From here to grandternity
Written by Leigh Reinhold for Seniors Life Insurance.
When Leanne Delgado became a grandmother for the fifth time, she was more than happy to use her new company entitlement of ‘grandternity leave’ to enjoy a day bonding with her newest family member.
“I felt grateful I got to spend the day with my grandchild fully paid, and proud to work for a company that is progressive and thoughtful,” Leanne, 56, tells DARE.
With employers seeking new ways to attract and keep older valued staff like Leanne, a small but growing number of workplaces are offering employees grandternity leave – parental leave for grandparents – as a job perk.
“Australia’s unemployment rate is at historic lows and there is an incredibly tight applicant market,” explains Natasha Hawker, managing director of Sydney recruitment firm Employee Matters.
“The vast majority of employers are looking for new hires and they need to be looking at creative ways to retain talent. For employees, grandternity leave can form part of their Employee Value Proposition [the unique set of benefits an employee receives in exchange for their skills] – in other words, what’s in it for me?” she says.
“For employers, it can reduce unnecessary attrition and even attract employees to work for the longer term, reducing costs and retaining knowledge capital. Offering more options around the types of leave – based on stage of life – gives employees a better overall employee experience, no matter what stage of their life they’re at.”
While the measure is still a new concept in workplace policy, companies like Cisco and HireVue in the US and Saga in the UK have implemented grandparent leave. In Australia, the workforce participation rate for people aged 55-64 rose sharply from 45% in 1995 to 69% in 2023, according to the Australian HR Institute, although it estimates at present only about 8% of companies offer grandparents leave. However, some HR departments in Australia are starting to tweak their parental policies to include the benefit.
“I was very excited and impressed that my employer would take this initiative, recognising the importance of our families and by extension demonstrating they are invested in our wellbeing,” says Leanne, who works as a team leader at consulting firm Mercer in Melbourne. “I would never have predicted grandternity leave would be available to me, but as a concept it makes absolute sense. Our grandchildren are just as precious to us as our children.”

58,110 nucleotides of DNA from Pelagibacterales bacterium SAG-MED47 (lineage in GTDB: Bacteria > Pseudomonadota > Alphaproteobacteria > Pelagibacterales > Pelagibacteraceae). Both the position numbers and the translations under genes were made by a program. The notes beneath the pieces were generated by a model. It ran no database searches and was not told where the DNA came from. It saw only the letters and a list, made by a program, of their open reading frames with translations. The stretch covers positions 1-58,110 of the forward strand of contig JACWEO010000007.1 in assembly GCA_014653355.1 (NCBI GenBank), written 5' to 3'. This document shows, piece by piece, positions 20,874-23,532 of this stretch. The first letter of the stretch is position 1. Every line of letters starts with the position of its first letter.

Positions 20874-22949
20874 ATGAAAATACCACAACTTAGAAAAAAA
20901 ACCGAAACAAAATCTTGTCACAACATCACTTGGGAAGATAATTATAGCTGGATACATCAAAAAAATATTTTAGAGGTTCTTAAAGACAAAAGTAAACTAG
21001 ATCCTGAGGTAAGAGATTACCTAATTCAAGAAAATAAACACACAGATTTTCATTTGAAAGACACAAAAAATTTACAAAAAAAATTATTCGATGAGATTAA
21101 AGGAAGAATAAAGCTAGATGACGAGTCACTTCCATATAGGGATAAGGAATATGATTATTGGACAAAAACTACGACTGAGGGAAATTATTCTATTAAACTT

Aim for balance
Gaye Morris, the people and culture leader at Mercer who helped implement the policy, explains: “How people choose to achieve greater balance across work and family life is always evolving. Our job is to make sure we’re fostering an inclusive and flexible environment to not only create a great place to work, but to retain top talent.
“Older/longstanding employees can add a lot of value through their expertise and experience. We don’t want to lose that.”
CEO of the Australian HR Institute, Sarah McCann-Bartlett, says encouraging participation and retention of older workers is beneficial for the country as well as individual businesses. “Organisations stand to benefit from a multi-generational workforce in many ways through harnessing the strengths of different age groups,” she says.
“If employers and governments can maximise the potential of older workers as part of an age-diverse workforce, this could help drive more diverse workplaces, reduce employee shortages and strengthen Australia’s economic performance.”
At law firm Legalite in Melbourne, all employees are offered generous grandternity leave options. Employees who are both grandparents and primary carers for their grandchildren are offered the same paid parental leave as any other employee. While grandparents who aren’t primary carers are offered two weeks of paid grandternity leave.
“We understand how special welcoming a new family member is for all parents and carers, including grandparents,” explains managing principal Marianne Marchesi.
“By introducing this generous entitlement for grandparents, Legalite is supporting diversity in caring arrangements, making work more accessible, and valuing grandparents for their contribution to raising their grandchildren, but also to the workplace. We believe this plays a role in changing our community for the better.”
Patricia Sparrow, CEO of COTA, the charity for older Australians, believes grandparent leave is a clever incentive to retain older workers. “Too often systemic ageism forces people out of the workforce and into retirement earlier than they should, which is bad for everyone because workers of all ages miss out on the skill sharing and breadth of knowledge, experience and enthusiasm that comes with having age diverse workplaces,” she says.
“We should be doing everything possible to keep those older workers who want to stay in the workforce. If things like grandternity leave work, that’s fantastic. Grandparents often assist in order to allow their children to return back to work, but it’s about more than that. Giving grandparents time with their grandchildren to develop and strengthen those important bonds is also crucial.”
How to negotiate grandternity leave
By Natasha Hawker
1. Be a great performer who your boss and your company want to retain.
2. Do your research and know what the benefits are to your business around building a great Employee Value Proposition.
3. Schedule a meeting with your manager to discuss the benefits around retaining older workers.
4. To help with nerves, script the meeting and practise. Prepare responses to potential objections.
5. Encourage your fellow workers to ask your employer to offer an Employee Value Proposition that is beneficial to all ages.
Another way to look after your grandchildren is by considering protecting them financially should something happen to you. Seniors Life Insurance could help provide you and your family that financial protection.
30 Nov 2023